MADISON - Dozens of Northwoods people made the long trip to Madison Wednesday to speak before lawmakers on the newest mining bill.
It was the first day of testimony in the Capitol on a bill that Republicans proposed last week.
The Senate and Assembly committees in charge of mining heard stories at the same time.
The bill would streamline the permitting process for mining companies.
Many came on buses to speak for and against the mining bill.
"We are not going to stand by and let this happen without a fight. We don't fight with our hands nowadays, or bows and arrows. We fight with words in court. You will be faced with litigation until day's end. I can guarantee you that," testified Brooks BigJohn of the Lac du Flambeau Tribe.
"If we get ten more jobs, it's better than what we have now. I've had to sit across the table over the last nine years and tell about 25 people they don't have jobs anymore. So, I think a chance at it is better than no chance," countered Chris Patritto, the Hurley Schools Superintendent.
Gogebic Taconite also testified at the hearing.
A year ago, they pulled plans to mine iron ore in Ashland and Iron Counties after the last mining bill failed.
Wednesday, they said they would reinstate those plans if the new bill passed.
RHINELANDER - We'll enjoy great weather this week, but we know it won't last too long. Workers at golf courses across the area know that incoming fall weather spells the end of their season, so they're trying to capitalize on the next few weeks of warm forecasts.
NORTHWOODS - Children went back to school across the Northwoods Tuesday. That's why it's important to make sure you're prepared for anything.
Emergency workers say it's important to have a plan in place for all possible emergency situations. That plan should include emergency contacts, safe meeting locations, and emergency kits in homes and cars. Officials say taking time to plan and practice is crucial.
"Look at things before it happens," says Dawn Robinson, Oneida County Emergency Management Program Assistant. "Make sure your family, your loved ones, your neighbors, make sure everyone has a plan and practice those plans. That way when something does happen, it becomes more, that you know what to do, so be prepared as much as possible, and practice."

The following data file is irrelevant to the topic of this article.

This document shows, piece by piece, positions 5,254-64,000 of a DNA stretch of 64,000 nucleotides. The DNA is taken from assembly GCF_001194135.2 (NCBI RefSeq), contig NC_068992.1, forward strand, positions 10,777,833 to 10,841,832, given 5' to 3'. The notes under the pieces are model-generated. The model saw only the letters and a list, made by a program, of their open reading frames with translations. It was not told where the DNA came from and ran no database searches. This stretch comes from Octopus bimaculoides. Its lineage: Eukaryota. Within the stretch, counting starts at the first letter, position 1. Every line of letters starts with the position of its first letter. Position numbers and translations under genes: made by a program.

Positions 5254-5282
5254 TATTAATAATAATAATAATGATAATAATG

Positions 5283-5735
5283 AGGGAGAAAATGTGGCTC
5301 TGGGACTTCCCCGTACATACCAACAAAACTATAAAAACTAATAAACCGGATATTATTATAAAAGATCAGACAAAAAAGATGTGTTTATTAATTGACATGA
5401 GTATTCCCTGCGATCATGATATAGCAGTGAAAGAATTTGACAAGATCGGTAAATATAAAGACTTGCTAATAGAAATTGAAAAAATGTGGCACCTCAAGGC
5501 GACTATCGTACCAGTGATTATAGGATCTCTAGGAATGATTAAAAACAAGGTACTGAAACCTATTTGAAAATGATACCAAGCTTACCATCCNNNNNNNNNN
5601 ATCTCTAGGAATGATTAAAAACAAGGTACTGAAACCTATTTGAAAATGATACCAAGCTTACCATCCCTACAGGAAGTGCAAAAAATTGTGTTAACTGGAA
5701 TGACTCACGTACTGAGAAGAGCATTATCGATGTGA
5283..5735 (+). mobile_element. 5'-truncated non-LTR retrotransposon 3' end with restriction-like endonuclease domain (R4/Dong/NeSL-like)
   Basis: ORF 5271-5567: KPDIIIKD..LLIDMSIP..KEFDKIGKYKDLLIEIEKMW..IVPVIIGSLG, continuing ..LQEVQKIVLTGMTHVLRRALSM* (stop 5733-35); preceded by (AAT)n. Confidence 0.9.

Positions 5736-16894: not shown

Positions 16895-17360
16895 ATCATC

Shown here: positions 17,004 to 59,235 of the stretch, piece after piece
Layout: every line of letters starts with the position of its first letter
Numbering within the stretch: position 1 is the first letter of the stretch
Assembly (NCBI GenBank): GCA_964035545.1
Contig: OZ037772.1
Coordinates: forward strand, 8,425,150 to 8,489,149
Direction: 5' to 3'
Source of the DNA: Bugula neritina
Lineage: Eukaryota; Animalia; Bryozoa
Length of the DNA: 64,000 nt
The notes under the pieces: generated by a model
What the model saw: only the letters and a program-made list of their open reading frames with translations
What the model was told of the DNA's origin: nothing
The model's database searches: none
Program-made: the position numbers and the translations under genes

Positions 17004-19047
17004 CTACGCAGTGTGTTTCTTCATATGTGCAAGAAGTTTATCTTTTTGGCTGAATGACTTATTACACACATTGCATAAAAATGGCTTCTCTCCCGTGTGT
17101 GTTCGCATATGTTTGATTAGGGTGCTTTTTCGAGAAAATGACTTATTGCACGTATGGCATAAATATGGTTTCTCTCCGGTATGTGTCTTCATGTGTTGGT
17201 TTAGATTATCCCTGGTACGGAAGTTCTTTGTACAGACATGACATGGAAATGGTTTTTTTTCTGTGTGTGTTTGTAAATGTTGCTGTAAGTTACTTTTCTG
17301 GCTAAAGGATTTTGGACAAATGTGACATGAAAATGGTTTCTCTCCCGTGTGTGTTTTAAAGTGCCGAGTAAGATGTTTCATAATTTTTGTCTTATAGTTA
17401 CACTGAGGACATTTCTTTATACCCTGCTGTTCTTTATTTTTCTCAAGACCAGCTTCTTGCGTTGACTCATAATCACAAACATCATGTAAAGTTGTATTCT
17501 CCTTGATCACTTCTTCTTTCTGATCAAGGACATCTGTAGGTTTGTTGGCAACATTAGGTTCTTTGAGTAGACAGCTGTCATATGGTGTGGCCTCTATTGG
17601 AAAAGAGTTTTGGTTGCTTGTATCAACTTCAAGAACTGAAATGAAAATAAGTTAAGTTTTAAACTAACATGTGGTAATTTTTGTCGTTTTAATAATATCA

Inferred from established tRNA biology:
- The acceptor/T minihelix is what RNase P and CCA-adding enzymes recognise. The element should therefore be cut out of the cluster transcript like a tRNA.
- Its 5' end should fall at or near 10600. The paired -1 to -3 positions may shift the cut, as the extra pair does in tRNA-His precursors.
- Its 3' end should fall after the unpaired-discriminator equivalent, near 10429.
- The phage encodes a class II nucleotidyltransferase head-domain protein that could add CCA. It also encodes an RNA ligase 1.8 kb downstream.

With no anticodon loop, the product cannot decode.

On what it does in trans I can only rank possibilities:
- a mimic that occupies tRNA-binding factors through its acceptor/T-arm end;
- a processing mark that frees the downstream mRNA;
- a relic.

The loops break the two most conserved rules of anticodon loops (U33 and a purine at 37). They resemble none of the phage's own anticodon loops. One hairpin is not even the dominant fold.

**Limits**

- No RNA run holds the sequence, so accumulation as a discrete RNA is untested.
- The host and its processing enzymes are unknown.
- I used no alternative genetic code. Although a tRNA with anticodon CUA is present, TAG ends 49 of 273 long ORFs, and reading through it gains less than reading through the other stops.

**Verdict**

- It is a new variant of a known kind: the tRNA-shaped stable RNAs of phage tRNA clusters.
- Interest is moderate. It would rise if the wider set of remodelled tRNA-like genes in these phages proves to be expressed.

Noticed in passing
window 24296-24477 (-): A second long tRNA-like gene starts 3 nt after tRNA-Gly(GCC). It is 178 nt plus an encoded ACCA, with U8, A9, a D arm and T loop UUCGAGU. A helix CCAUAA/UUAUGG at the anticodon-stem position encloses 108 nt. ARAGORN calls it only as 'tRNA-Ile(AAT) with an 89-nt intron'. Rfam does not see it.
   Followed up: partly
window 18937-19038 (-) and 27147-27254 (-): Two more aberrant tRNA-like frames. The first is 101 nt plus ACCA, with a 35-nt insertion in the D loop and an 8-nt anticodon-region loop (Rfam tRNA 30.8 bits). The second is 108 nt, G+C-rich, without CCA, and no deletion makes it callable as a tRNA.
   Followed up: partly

Part of being prepared is communication and knowing who to contact. Officials encourage parents to make sure that schools have up-to-date emergency contact information, especially for small children.
MERRILL - The school bells rang Tuesday morning for students across Wisconsin.
Another school year has begun with kids looking forward to a new year.
It also means that drivers should be on the lookout around schools.
In Merrill, police keep a close watch around school zones the first few weeks of class.
Speed limits drop dramatically as drivers enter school zones.
Merrill Police Chief Ken Neff says it's important to be especially observant this time of year.
"Especially the first week or two of school because kids are excited, and maybe not so excited, about getting back to school," Neff said. "They're thinking about their friends and maybe not paying attention to traffic."
HAZELHURST - You won't find any alligator-filled moats at an upcoming medieval festival in Hazelhurst. But you will get the chance to step back in time during the Northwoods Medieval Faire at Tommy O's Playhouse next weekend.
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